And the CIA connection? By the time I arrived in the US in the early 1980s it had by-then become the accepted convention that Vietnamese refugees had to escape from Vietnam because of their ties to the old American-back regime of South Vietnam. I guess it would not be as sexy to say that we were farmers, fisherman or street vendors who came seeking better living conditions. Furthermore, to qualify for political asylum refugees had to meet criteria other economics. It did not take long for Vietnamese refugees to adopt similar reasons for leaving Vietnam.
I bought into it myself and for a while did tell people, whenever asked, that my father worked for the CIA and that he “spoke” both French and English. (I will go into the French connection in another post.) And to go along with the CIA connection, all the men were either captains or colonels in the old regime -- all officers, no grunts or conscripts.
In the late 1980s this reinvention caught up with one prominent member of the Vietnamese-American community in Seattle, a respected leader who had founded and managed organizations that provided services to newly arrived refugees and a business owner.
It began as a local English-language weekly wrote about his run-in with the laws – opening a night club without proper license, which he claimed was a private fundraiser for the local Vietnamese Buddhist temple. This led to the FBI investigating his various business holdings and spending of public funds. A pair of Seattle Post-Intelligencer’s reporters dug deeper and, lo and behold, they hit pay dirt.
Asides from misuse of public funds and mismanagement of the nonprofit that provided services to newly arrived refugees, the reporters also discovered that he had claimed to be a “colonel” on the Saigon Capitol Police force and holder of a degree from the London School of Economics, among other claims. According to the expose, he would have been 17 years-old when he became a colonel and that he was in a refugee camp in the Philippines at the time that he claimed to be attending the London School of Economics.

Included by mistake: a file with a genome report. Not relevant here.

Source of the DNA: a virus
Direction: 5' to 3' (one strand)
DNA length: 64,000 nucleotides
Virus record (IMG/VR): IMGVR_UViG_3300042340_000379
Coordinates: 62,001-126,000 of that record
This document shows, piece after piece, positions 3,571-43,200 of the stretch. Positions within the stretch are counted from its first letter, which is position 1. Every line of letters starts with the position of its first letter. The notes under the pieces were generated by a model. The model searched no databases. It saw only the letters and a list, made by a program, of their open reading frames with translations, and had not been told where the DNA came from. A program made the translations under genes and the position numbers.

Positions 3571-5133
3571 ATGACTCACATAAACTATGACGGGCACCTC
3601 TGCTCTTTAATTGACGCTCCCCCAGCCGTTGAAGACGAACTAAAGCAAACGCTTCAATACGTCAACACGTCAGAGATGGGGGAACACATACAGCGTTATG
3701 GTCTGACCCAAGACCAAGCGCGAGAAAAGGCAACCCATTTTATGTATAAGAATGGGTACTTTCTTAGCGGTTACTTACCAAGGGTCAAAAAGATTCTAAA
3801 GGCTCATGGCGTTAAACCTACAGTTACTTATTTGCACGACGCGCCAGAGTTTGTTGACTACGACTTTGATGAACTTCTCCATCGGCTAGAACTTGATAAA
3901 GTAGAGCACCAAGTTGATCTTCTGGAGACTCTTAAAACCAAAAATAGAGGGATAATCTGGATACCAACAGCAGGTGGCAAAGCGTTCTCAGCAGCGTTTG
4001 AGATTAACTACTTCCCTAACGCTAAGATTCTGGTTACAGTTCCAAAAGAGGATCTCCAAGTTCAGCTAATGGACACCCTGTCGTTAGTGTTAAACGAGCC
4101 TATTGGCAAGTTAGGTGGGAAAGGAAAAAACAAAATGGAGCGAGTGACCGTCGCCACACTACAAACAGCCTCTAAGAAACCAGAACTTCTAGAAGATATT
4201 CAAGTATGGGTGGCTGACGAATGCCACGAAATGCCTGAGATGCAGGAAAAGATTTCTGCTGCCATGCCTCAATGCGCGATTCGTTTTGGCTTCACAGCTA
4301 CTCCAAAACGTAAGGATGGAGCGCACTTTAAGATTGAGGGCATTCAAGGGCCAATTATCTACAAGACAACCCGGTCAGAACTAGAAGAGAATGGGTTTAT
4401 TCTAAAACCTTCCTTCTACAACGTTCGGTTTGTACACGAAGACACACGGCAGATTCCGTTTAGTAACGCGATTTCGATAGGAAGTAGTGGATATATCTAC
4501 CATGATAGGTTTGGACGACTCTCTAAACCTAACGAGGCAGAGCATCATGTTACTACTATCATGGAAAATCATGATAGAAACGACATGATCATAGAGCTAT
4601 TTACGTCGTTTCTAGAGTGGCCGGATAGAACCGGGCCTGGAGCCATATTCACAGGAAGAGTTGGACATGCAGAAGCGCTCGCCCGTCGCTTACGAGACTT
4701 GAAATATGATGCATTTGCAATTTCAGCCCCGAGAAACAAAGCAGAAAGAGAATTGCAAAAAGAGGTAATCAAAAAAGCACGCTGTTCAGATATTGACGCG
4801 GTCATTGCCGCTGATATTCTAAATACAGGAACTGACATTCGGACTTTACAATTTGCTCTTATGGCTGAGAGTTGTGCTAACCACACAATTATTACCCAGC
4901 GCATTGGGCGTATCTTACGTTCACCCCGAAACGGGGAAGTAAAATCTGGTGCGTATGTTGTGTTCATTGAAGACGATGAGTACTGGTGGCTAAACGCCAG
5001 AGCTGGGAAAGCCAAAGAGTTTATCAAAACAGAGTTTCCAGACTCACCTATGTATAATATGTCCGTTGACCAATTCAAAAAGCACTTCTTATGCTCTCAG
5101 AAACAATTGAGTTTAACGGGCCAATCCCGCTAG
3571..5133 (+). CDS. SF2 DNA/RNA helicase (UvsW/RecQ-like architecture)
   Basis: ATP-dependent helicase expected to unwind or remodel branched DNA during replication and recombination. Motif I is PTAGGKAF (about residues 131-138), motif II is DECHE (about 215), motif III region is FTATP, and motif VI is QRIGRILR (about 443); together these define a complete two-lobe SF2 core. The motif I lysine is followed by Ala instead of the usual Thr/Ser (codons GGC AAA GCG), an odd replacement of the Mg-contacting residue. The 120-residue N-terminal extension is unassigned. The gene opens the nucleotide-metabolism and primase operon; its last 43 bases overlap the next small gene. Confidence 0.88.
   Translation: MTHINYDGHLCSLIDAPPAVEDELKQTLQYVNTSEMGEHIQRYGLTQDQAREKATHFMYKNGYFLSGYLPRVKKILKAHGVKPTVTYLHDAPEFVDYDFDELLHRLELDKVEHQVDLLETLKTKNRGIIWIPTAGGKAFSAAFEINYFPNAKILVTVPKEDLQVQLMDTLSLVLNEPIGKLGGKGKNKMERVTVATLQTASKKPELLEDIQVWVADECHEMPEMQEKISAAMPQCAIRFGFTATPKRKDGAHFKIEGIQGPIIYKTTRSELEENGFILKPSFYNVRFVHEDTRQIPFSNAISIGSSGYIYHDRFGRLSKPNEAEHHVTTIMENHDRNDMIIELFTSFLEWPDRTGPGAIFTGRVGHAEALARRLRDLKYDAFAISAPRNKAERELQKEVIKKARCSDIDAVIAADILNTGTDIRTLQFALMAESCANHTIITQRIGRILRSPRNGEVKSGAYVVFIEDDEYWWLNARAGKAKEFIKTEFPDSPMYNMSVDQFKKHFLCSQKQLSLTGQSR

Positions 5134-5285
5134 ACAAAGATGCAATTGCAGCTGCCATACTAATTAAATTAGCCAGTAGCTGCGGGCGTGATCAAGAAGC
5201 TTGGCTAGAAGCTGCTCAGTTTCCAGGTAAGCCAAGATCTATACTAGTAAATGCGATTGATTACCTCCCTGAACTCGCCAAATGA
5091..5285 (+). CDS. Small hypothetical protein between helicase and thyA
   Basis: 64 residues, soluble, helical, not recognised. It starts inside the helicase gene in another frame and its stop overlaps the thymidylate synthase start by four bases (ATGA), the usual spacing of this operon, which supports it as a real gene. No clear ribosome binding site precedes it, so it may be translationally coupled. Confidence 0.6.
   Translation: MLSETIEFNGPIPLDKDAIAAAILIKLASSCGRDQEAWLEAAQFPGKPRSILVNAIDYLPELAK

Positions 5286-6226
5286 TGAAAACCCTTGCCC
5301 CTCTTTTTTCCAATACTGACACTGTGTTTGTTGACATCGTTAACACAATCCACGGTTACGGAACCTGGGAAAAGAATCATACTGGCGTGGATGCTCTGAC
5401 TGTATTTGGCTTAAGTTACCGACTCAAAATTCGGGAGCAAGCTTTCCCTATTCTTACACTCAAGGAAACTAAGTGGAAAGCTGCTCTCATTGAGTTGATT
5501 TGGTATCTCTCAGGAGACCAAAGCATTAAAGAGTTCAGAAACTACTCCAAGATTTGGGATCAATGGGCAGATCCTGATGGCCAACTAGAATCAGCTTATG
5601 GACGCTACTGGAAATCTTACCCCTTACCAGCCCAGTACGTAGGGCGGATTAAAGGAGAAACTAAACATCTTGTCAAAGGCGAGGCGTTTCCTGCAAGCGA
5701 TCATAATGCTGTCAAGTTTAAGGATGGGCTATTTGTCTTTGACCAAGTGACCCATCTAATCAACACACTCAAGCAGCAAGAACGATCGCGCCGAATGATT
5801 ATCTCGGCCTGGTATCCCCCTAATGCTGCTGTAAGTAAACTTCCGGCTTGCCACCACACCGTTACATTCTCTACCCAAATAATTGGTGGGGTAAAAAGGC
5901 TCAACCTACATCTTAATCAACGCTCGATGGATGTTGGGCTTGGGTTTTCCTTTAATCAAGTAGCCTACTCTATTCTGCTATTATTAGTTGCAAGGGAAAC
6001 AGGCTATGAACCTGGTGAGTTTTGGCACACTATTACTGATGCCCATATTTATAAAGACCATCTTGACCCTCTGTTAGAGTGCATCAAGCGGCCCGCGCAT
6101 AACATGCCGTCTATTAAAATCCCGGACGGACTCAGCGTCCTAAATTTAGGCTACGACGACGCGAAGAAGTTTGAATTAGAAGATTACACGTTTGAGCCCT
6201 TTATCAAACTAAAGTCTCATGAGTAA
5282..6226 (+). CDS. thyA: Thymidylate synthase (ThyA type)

I am not advocating that we should corner our fathers and uncles and force them to fess up. They had their reasons to reinvent themselves once leaving the old country. Escaping Cambodia, Laos or Vietnam may have also meant leaving behind life of hand-to-mouth subsistence living, leaving behind grinding poverty and backwardness, leaving behind a life that befitting only that of a water buffalo, they would say.
Now that we are all grown up and have been educated at some of the world’s best universities and colleges. It should not take much for us to find out where we came from and under what circumstances.
Being a refugee or having born in refugee camps should not take away from our achievements or distract us from our ambitions. In fact, they can be a positive re-enforcement of our character and humanity. Furthermore, there is nothing wrong with having been the off-springs of farmers and street vendors either. We all have to come from somewhere. Our past is what has shaped us to be who we are today. There is no need to resort to the modern equivalent of the Southeast Asian-American creation myth.
So why do 1.5 and 2.0 generations of Cambodian, Laotian and Vietnamese Americans feel the need to embellish their families’ histories and coming-to-America experiences?
Sonny Le is on Hyphen's advisory board.